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All Native pro b-ball team in works for upcoming ABA season

HOLLYWOOD — Basketball administrator, evaluator and recruiter are among the many titles that belong to Federico Brodsky. Finding players and building teams are part of the repertoire for the 2014-15 American Basketball Association (ABA) general manager of the year.

Brodsky, 44, has visited reservations enough times to watch “amazing untapped talent.” He said it’s one reason why he and Seminole Jerome Davis are forming a professional team comprised solely of Native Americans.

“The idea is to have 100 percent Native American players from all over the United States,” Brodsky said.

Brodsky said the team, whose name had not been unveiled as of late July, is slated to play in the ABA’s Southeast Division with teams from Coral Springs, Gainesville, Jacksonville, Miami, Orlando and Tampa. The ABA featured 92 teams last year spread across the U.S. Brodsky said players are paid and most have other daily jobs.

“It’s a second-tier professional league in the United States. After the NBA and the D-League, this is the strongest one that I find in the market,” said Brodsky, who is also involved in the management of the Miami Midnites that reached the ABA finals last year with Davis in its starting lineup.

Brodsky said the Native team will be based in Florida and will play about a 30-game schedule starting in late October. A tryout in July was held in New Mexico. Although details were still being worked out, Brodsky said another tryout is slated for August in the Broward County area.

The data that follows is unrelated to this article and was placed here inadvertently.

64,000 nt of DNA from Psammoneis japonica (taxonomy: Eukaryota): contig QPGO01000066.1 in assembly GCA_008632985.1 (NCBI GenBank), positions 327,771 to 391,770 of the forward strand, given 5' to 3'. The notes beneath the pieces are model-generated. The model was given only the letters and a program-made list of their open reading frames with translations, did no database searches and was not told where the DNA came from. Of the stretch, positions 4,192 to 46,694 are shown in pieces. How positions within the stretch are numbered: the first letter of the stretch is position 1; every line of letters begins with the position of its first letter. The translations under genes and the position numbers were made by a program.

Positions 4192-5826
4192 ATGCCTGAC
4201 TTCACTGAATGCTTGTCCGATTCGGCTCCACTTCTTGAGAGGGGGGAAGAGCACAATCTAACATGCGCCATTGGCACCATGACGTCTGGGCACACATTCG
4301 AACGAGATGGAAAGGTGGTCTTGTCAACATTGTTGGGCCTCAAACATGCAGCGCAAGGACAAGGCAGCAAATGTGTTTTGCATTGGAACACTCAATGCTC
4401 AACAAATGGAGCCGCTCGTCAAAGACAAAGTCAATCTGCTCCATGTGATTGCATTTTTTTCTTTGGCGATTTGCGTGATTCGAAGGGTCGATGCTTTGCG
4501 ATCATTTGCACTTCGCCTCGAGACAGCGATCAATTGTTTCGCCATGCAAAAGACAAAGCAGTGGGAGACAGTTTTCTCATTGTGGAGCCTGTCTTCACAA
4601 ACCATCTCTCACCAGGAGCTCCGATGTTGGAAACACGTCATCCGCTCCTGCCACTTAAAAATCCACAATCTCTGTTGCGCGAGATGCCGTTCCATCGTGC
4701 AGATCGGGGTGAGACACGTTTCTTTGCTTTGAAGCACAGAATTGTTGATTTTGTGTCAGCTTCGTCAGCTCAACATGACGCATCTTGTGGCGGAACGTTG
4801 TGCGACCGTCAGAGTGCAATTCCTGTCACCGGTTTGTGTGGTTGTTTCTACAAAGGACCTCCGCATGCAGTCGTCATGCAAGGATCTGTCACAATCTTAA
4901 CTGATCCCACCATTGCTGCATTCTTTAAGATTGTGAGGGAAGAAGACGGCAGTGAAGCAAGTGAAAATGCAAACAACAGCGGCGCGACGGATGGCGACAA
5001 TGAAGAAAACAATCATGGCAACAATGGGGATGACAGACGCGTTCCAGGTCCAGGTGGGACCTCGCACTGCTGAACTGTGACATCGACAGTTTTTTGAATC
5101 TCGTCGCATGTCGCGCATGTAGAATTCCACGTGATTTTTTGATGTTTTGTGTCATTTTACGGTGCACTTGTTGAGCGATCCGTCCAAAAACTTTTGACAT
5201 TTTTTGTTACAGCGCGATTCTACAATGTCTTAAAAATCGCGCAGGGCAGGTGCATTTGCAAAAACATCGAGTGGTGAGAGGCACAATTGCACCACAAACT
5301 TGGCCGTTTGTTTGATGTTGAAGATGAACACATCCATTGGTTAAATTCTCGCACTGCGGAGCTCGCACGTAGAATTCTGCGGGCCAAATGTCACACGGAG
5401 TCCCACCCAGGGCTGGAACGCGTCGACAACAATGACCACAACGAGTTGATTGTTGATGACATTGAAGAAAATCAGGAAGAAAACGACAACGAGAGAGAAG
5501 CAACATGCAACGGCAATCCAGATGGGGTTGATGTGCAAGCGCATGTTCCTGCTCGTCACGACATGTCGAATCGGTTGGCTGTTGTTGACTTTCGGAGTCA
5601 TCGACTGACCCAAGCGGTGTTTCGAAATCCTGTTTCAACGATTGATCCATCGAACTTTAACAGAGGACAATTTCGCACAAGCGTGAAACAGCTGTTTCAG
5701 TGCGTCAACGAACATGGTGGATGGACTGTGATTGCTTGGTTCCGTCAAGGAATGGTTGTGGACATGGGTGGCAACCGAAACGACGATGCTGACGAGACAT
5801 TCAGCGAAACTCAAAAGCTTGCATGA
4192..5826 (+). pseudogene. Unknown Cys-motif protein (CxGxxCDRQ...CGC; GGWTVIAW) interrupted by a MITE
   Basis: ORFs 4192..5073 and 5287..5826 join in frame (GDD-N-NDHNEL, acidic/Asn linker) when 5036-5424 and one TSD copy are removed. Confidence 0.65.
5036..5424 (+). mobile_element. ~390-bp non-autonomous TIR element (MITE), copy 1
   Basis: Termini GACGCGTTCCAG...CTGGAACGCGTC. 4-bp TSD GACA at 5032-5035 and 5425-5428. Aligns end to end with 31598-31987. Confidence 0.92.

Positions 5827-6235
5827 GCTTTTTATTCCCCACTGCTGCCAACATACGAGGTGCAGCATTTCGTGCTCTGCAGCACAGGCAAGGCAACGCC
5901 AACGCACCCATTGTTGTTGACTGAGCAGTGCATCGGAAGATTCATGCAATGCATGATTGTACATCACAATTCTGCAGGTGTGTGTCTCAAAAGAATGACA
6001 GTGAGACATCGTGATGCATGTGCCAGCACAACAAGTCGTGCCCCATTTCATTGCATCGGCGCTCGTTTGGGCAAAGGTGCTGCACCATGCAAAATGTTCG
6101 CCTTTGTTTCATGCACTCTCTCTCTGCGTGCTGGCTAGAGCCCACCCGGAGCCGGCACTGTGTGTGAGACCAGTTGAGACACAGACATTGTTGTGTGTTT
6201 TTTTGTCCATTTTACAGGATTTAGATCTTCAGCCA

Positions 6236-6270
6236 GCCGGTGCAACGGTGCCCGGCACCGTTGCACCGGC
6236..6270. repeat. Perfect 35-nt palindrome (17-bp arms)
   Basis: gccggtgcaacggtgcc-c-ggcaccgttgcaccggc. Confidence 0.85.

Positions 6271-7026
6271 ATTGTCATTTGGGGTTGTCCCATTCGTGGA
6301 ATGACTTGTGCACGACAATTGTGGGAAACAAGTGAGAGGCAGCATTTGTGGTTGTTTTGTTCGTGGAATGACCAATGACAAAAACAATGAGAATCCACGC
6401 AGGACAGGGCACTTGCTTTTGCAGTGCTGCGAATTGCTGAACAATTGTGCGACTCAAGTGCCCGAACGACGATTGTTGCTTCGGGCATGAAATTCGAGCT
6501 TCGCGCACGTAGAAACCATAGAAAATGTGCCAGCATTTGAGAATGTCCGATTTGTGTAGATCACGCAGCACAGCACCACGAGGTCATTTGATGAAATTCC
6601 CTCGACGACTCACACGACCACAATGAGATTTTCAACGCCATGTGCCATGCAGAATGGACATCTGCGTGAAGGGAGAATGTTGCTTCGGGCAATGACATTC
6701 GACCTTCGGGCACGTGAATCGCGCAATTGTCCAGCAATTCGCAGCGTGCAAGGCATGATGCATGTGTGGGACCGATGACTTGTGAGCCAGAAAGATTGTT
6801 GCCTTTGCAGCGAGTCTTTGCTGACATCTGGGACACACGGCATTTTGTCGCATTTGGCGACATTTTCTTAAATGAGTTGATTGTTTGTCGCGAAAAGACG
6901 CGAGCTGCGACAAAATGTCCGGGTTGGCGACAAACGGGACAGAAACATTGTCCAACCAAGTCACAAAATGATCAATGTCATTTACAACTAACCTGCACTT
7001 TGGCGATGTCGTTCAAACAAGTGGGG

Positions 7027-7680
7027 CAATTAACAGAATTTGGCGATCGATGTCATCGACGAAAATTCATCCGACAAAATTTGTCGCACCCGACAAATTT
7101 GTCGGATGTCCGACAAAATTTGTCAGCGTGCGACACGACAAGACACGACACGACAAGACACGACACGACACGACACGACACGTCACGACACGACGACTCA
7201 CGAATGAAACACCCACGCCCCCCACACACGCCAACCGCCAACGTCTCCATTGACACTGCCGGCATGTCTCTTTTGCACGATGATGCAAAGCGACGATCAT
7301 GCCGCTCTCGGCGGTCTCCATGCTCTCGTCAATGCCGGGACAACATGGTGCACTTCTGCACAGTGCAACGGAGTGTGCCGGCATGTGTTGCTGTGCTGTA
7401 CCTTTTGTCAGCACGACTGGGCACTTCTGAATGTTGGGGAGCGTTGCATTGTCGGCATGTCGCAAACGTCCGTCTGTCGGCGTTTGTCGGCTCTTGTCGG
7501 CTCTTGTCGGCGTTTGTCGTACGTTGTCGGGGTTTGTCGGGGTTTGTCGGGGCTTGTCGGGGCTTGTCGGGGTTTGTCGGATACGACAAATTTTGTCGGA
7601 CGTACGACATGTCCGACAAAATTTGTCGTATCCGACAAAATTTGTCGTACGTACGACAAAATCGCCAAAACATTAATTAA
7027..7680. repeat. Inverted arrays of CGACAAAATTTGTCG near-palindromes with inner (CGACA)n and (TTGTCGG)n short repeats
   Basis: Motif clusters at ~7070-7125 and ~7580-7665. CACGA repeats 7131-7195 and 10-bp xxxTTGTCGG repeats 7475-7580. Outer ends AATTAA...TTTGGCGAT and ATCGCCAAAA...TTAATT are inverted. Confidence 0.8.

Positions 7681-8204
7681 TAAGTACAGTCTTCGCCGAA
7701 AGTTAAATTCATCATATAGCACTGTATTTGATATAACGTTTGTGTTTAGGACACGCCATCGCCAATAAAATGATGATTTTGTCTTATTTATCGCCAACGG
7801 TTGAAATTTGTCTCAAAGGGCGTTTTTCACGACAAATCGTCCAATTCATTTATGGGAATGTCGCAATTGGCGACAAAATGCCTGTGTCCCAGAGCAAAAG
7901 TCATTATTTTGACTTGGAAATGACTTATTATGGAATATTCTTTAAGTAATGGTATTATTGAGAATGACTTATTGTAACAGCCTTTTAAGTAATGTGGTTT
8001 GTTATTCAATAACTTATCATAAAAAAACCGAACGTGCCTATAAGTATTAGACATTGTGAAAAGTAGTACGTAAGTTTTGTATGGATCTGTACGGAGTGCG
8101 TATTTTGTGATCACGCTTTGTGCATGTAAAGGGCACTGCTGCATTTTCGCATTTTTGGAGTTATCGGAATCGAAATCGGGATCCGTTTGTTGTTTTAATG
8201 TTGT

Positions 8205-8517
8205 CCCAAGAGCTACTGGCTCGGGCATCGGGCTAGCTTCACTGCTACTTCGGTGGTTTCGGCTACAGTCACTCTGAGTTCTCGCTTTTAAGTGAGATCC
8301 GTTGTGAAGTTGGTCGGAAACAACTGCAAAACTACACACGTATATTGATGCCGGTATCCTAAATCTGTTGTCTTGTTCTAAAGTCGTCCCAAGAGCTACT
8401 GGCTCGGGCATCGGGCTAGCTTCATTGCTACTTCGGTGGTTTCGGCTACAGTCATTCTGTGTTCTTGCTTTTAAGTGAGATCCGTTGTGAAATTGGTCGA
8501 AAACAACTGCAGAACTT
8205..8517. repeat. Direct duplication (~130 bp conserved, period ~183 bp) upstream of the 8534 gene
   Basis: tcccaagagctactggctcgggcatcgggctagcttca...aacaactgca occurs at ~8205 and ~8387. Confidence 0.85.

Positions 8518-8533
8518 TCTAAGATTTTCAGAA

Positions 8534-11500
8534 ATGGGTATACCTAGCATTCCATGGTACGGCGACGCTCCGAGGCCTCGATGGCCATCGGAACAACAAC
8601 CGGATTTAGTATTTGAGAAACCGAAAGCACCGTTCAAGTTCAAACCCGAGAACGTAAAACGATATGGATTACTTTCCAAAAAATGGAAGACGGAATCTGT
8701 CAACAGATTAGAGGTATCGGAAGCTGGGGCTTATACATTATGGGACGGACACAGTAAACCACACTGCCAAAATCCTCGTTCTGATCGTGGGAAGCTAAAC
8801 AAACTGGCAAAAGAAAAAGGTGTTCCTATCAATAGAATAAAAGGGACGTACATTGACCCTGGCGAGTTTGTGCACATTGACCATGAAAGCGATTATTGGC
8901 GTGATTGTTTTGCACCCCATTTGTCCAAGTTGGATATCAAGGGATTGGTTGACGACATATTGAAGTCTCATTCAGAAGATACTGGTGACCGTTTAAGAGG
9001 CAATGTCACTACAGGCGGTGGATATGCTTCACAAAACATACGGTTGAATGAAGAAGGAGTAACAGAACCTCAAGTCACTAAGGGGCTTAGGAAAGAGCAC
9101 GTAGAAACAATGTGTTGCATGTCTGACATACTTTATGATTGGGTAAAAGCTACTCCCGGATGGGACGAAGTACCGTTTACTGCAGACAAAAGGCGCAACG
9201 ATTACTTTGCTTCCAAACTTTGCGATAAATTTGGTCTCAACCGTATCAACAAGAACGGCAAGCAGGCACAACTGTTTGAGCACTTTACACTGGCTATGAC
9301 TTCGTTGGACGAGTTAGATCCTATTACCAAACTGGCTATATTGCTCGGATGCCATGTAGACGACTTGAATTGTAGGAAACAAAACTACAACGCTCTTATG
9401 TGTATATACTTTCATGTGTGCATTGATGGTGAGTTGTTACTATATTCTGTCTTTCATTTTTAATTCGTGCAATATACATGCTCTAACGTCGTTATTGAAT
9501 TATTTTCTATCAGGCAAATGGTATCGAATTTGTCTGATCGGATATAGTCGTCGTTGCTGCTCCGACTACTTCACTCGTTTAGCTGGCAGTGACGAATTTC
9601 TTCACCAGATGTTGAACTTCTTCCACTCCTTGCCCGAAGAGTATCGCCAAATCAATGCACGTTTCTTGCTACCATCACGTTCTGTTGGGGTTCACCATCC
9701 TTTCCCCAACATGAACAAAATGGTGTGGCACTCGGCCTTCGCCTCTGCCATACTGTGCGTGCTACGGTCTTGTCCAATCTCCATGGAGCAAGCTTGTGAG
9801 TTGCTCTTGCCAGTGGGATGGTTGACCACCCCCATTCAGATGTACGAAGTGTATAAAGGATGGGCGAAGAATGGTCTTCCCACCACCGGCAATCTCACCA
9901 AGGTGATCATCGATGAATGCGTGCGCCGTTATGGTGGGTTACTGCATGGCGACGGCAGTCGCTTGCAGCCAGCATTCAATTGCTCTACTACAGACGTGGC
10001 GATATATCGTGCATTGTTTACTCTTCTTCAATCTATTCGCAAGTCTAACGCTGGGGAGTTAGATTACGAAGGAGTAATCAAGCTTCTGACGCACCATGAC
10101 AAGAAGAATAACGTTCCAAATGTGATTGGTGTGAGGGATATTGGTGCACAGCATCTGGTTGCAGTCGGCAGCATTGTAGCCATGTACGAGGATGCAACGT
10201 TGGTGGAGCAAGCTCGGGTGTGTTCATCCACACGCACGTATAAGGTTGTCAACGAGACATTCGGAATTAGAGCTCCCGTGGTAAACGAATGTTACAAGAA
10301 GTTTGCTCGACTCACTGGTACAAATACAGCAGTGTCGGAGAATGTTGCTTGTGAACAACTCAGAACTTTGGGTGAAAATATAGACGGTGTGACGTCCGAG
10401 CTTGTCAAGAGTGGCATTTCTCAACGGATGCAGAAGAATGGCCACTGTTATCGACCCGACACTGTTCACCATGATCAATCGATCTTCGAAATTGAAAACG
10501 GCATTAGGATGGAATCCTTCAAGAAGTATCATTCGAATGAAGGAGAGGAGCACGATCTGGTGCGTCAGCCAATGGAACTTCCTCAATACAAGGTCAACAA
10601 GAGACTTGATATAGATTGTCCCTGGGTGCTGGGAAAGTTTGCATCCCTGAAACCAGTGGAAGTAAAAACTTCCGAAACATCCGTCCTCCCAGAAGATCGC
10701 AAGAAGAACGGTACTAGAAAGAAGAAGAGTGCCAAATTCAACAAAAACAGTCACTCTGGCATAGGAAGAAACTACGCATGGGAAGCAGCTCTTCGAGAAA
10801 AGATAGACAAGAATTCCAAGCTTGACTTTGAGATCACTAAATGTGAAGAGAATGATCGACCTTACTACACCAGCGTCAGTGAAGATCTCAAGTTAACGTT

Brodsky would like to see the team play home games on Seminole reservations.

“My idea is rotate the team in each reservation so everybody can see what this team can offer and also have the kids from the schools play in a preliminary game, cheerleaders, all that kind of stuff,” he said.

Brodsky is CEO and president of Press On Sports, which helps run youth baseball and basketball events, including on the Seminole reservations. He said the company’s nonprofit arm, known as Enhancing Communities Through Sport, will manage the Native team.

“We see this as a continuation from what we do with the young so we can show this is something they can do after they graduate from school and finish college,” Brodsky said. “They can pursue their professional careers through something in the community and help to mentor the young kids.”

Brodsky said the Native team would be the first pro basketball team in the United States comprised of all Native Americans.

“It’s one of the most exciting things I’ve done in my life,” he said. “I cannot sleep thinking about this because it’s a historic moment.”


Kevin Johnson
Kevin Johnson is senior editor. He has worked for The Seminole Tribune since 2014. He was previously an editor, photographer and reporter for newspapers in Southwest Florida and Connecticut. Contact Kevin at